Wildman, the chief revenue officer of Trinity Mirror since 2014, said he has been given "a clear growth mandate" to make acquisitions and launch new products at Hearst. He will start on 3 April.
The US owner of Good Housekeeping, Harper’s Bazaar, Esquire and Elle told UK staff about Wildman’s appointment this morning, confirming the news that was first reported by Campaign on Tuesday.
Wildman has not worked in magazines but the 50-year-old brings print, digital and broadcast experience, after previously heading Yahoo UK and TV sales house IDS.
"I'm not daunted by the fact it's a medium I've not worked in before," Wildman said, noting he had made similar shifts in his career before.
David Carey, president of New York-based Hearst Magazines, said: "James is entrepreneurial and has a strong track record of transforming media businesses. He understands the UK, European and global marketplace, and has a clear vision of how we can continue to move our business forward."
Hearst noted Wildman led "a turnaround" at Trinity Mirror "built around digital acceleration and creativity" and was also behind a "successful reversal of long-term revenue decline" at Yahoo UK.
Carey added Wildman was "a good cultural fit" with the family-owned media group because "he gives credits to his people, he is not afraid of complexity and he has embraced innovation".
Carey reiterated comments that he made to Campaign last month, saying "you can call us out" if Hearst has not made acquisitions in the UK within the next 12 months. "It will be a front burner issue for James and his leadership team," Carey vowed.
Hearst UK posted a £5.4m loss in its most recent accounts but has insisted its "core" UK media business increased profits if writedowns and the performance of Comag, its distribution arm, are excluded.
Carey reiterated comments that he made to Campaign last month, saying "you can call us out" if Hearst has not made acquisitions in the UK within the next 12 months. "It will be a front burner issue for James and his leadership team," Carey vowed
Carey also said the publisher increased annual profits for the third year in a row globally.
Wildman described Hearst Magazines as "a strong and growing business, with dynamic brands, incredible talent and global scale" and noted the UK is Hearst’s most important market outside America.
"I have been given a clear growth mandate for our existing brands in print and digital, as well as incubating ideas for new products, partnerships and acquisitions," he said.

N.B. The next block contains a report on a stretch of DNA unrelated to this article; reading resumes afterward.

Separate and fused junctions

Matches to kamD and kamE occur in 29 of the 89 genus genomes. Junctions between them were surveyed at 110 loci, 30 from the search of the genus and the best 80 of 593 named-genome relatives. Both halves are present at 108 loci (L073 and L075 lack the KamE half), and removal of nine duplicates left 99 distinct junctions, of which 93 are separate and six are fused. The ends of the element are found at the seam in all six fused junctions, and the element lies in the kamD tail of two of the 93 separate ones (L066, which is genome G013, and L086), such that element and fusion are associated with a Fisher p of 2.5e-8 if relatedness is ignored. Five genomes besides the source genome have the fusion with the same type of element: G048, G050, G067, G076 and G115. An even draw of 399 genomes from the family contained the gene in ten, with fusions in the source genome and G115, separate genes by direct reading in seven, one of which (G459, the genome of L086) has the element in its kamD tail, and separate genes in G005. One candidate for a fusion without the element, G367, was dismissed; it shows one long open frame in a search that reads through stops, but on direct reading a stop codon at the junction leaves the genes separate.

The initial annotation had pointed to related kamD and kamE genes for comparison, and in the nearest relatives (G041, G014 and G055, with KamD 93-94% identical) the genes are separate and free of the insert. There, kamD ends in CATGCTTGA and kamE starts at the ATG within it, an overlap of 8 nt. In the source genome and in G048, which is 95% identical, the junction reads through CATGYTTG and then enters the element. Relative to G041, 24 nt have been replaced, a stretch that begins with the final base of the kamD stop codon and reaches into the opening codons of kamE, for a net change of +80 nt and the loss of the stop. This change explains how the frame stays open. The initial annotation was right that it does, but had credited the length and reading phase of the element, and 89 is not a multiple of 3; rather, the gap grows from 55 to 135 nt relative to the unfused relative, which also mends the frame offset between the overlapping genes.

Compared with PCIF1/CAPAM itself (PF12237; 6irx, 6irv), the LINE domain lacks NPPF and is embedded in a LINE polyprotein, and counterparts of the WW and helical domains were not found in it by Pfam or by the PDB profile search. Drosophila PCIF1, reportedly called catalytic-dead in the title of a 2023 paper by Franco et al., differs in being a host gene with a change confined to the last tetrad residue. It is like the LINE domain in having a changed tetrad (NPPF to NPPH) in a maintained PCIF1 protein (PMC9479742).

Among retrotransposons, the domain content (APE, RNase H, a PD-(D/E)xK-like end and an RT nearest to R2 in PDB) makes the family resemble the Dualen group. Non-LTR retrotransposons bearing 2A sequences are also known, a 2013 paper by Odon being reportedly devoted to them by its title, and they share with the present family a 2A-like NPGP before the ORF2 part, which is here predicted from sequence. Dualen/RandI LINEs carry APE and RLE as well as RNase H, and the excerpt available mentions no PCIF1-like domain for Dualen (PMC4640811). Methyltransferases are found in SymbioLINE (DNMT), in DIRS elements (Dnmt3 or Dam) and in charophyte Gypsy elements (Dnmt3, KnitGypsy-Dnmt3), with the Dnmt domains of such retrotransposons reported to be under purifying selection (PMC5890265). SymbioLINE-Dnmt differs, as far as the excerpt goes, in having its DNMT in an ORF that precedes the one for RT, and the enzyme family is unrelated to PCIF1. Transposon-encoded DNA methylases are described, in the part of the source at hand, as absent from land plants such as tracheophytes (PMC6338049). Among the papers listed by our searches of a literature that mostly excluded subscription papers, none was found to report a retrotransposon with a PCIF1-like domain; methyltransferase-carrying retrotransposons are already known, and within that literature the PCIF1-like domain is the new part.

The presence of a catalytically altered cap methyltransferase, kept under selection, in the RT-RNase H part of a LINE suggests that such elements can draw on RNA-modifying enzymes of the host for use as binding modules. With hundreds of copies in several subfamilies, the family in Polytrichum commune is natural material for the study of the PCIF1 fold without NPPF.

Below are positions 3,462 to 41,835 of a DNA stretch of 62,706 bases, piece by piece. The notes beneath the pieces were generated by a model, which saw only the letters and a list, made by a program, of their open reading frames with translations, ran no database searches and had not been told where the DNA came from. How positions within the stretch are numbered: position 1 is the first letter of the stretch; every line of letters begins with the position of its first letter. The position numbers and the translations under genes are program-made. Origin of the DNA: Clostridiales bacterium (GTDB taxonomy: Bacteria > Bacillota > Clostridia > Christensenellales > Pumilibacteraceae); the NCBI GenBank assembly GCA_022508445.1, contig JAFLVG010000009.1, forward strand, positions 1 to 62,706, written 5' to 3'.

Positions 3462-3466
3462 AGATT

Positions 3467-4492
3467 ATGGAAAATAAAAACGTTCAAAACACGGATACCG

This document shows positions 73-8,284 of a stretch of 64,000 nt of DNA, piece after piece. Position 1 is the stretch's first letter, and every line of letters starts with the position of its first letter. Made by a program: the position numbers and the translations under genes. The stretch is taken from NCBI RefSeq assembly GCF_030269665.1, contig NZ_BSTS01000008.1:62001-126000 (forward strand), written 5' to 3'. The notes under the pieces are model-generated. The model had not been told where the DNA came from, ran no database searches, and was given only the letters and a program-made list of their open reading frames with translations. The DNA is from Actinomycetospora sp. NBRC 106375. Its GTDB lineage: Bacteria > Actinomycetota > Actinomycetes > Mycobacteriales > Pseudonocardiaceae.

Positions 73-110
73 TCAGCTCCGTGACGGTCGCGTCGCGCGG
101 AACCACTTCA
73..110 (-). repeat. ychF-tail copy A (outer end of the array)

Carey has not ear-marked a "specific" sum of money for UK acquisitions and played down the suggestion that the dollar’s strength made it advantageous for the US group to buy British assets.
"We are a company with a long-term point of view," he said, explaining the rationale for acquisitions was not short-term gain.
Despite the talk of transformation, Carey said Wildman would not rush to make changes or shift strategy as Hearst already has "a good team" in place, although there has been a rash of departures in the past six months. "This is not a business that needs a sharp right turn," Carey maintained.
Wildman will be involved in Hearst’s on-going search for a new London home as the publisher is due to leave its Soho base on Broadwick Street in two years’ time and Carey expects a decision on the new office during 2017.
Carey also plans for Hearst UK under Wildman to work more closely with its sister businesses across Europe, including Spain and Italy.
Wildman replaces Anna Jones, who announced last autumn that she would step down in February 2017 after three years as chief executive to co-found an investment business, All Bright.
Carey said it had been an advantage to recruit in the open, rather than filling her job in secret, as he talked to "a lot of good candidates" – both externally and internally. It is understood that The Lighthouse Company led the search.
He praised Jones’ contribution. "She oversaw the growth of our brands on all platforms, our partnerships with Asda and Jamie Oliver, and used our brands to develop female empowerment initiatives that will continue to be a priority," Carey said.
Wildman grew up in Lingfield, Surrey. He is known as a smart operator, but with an affable, easy-going manner, and is a diehard fan of rock band The Damned.
He played a leading role last year in persuading rival newspaper publishers to discuss pooling their ad sales to stem falling revenues, but the industry’s efforts to set up a joint venture have struggled to make headway.